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Shiffrin Breaks Out

Zagreb, Croatia — American teenager Mikaela Shiffrin is having a breakthrough World Cup season on the slopes.

She’s the first American to win two World Cup races before turning 18. The 17-year-old Shiffrin captured her second career World Cup victory at Friday’s night slalom, sending her to the top of the slalom standings.

“I am just trying to find the edge of what I can ski,” Shiffrin, a former Lyme resident, told The Associated Press. “I am having a very good year. I am very excited about it and I am always hungry for more. ... I am really happy and I know anything can happen.”

Voted World Cup rookie of the year last season by her peers, Shiffrin has lived up to expectations. In 12 races so far, she won twice and recorded six more top-10 finishes.

She’s also ahead of Lindsey Vonn as the top American in the overall standings — although Vonn just returned to training after a monthlong break to recover from an intestinal illness.

Along with the victories have come the limelight — and the prize money — but Shiffrin is determined to not let it get to her head. The victory in Zagreb increased Shiffrin’s earnings to fifth on the season’s money ranking list with $117,500.

“I am still going to do the same thing,” said Shiffrin, who was born in the ski area of Vail, Colo. “I have to remember that I am only 17 and I feel like a baby sometimes and I don’t hide that.”

She travels the circuit accompanied by her mother Eileen — “my biggest help, she keeps me grounded and focused.”

“I have always wanted to sleep really deeply and not really worry,” Shiffrin said. “I know that some things are going to work and turn out fine. It’s not the end of the world.”

The same approach has helped her to keep a positive mind on the slopes.

Just a week after earning her first World Cup victory in Are, Sweden, and going top of the slalom standings, all eyes were on Shiffrin at a night event in Semmering, Austria, the last race of 2012.

She was fourth after the opening leg but failed to finish after straddling a gate early in her final run.

“A lot of times there is pressure. In Semmering I didn’t deal with it very well,” she said. “I think it was good to go out in Semmering, it brought me back down to earth. ... There is always a next race coming up very soon. I know I will have some mistakes and some bad races but in general every experience counts.”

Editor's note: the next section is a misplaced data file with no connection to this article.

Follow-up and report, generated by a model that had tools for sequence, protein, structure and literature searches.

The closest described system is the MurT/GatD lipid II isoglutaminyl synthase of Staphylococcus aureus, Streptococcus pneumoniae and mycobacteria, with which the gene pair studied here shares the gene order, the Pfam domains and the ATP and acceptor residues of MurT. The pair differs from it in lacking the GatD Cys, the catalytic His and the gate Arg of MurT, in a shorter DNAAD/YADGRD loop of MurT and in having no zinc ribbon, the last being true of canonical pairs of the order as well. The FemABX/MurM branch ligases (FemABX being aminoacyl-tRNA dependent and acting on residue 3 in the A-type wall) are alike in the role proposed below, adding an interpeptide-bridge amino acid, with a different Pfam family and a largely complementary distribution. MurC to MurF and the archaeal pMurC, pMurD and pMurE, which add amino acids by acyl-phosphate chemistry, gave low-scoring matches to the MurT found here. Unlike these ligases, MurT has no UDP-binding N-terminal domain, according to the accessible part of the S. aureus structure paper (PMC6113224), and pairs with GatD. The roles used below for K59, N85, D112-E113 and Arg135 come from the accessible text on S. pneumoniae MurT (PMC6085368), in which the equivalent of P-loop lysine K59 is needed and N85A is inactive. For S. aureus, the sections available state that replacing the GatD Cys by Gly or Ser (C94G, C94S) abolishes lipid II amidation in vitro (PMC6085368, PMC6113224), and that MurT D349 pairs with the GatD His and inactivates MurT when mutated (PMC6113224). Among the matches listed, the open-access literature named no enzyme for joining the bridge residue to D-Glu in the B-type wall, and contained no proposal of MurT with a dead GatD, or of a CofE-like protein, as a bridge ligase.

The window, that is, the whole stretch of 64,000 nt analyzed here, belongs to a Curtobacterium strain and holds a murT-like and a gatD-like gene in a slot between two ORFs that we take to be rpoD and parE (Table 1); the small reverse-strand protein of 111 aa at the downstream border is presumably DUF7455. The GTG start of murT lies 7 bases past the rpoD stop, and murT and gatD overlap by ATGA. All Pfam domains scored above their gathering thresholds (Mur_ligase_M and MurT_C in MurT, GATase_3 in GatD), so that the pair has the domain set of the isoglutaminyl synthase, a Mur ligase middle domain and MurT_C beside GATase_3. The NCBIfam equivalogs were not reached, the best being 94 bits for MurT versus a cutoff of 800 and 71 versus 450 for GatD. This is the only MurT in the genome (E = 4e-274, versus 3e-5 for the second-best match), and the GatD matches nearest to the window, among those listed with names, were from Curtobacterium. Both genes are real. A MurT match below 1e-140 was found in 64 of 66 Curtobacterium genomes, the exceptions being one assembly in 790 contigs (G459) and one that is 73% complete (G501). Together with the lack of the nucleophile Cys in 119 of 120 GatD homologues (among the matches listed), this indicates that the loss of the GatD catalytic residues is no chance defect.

World champion Marlies Schild has dominated women’s slalom for many years. But the Austrian is out for the season after knee surgery.

After six races — including the Munich city event on New Year’s Day that counted as a slalom — Shiffrin has 336 points, followed by overall World Cup leader Tina Maze of Slovenia with 310 and Veronika Velez Zuzulova of Slovakia with 305.

“It’s still so far away, there is still a couple of races and a lot more training days,” Shiffrin said. “I just have to stay in the moment because that’s what’s working so far and what keeps me grounded. It’s definitely one of my goals but it will be difficult to hold on to this bib.”

U.S. women’s technical coach Roland Pfeifer has been impressed with Shiffrin’s improvement in her second year at top-level racing.

“She is progressing rapidly,” said Pfeifer, who is looking forward to see what Shiffrin can do at next month’s world championships. I’d say it’s really promising on the way to Schladming.”

Apart from peaking in slalom, Shiffrin has racked up three top-10 finishes in giant slalom this season. And it’s just a matter of time before she will start entering the speed events — super-Gs and downhills.

“I am definitely going to move into speed, I love it,” Shiffrin said. “I trained a little bit of speed this past summer, it’s so fun and I feel really good on the long boards. But I am trying to be just patient. I am going to take it slow. When I feel like my technique is really dialed in and I am comfortable going fast, I will go fast.”

U.S. women’s head coach Alex Hoedlmoser had no doubts about her future as an all-round contender.

“Mikaela has a lot of potential, but we’re not rushing,” Hoedlmoser said. “It’s not just that’s she has loads of talent, she also likes to work hard and she definitely shows the right attitude.”

Shiffrin probably won’t try her luck in speed racing until she knows she can match the best. Even at 17, it’s already all about winning.

“I have always dreamed about being on the top spot,” Shiffrin said. “In whatever race I was in, I wanted to win and to be really competitive. Being in the World Cup is no different. I still want to win everything.”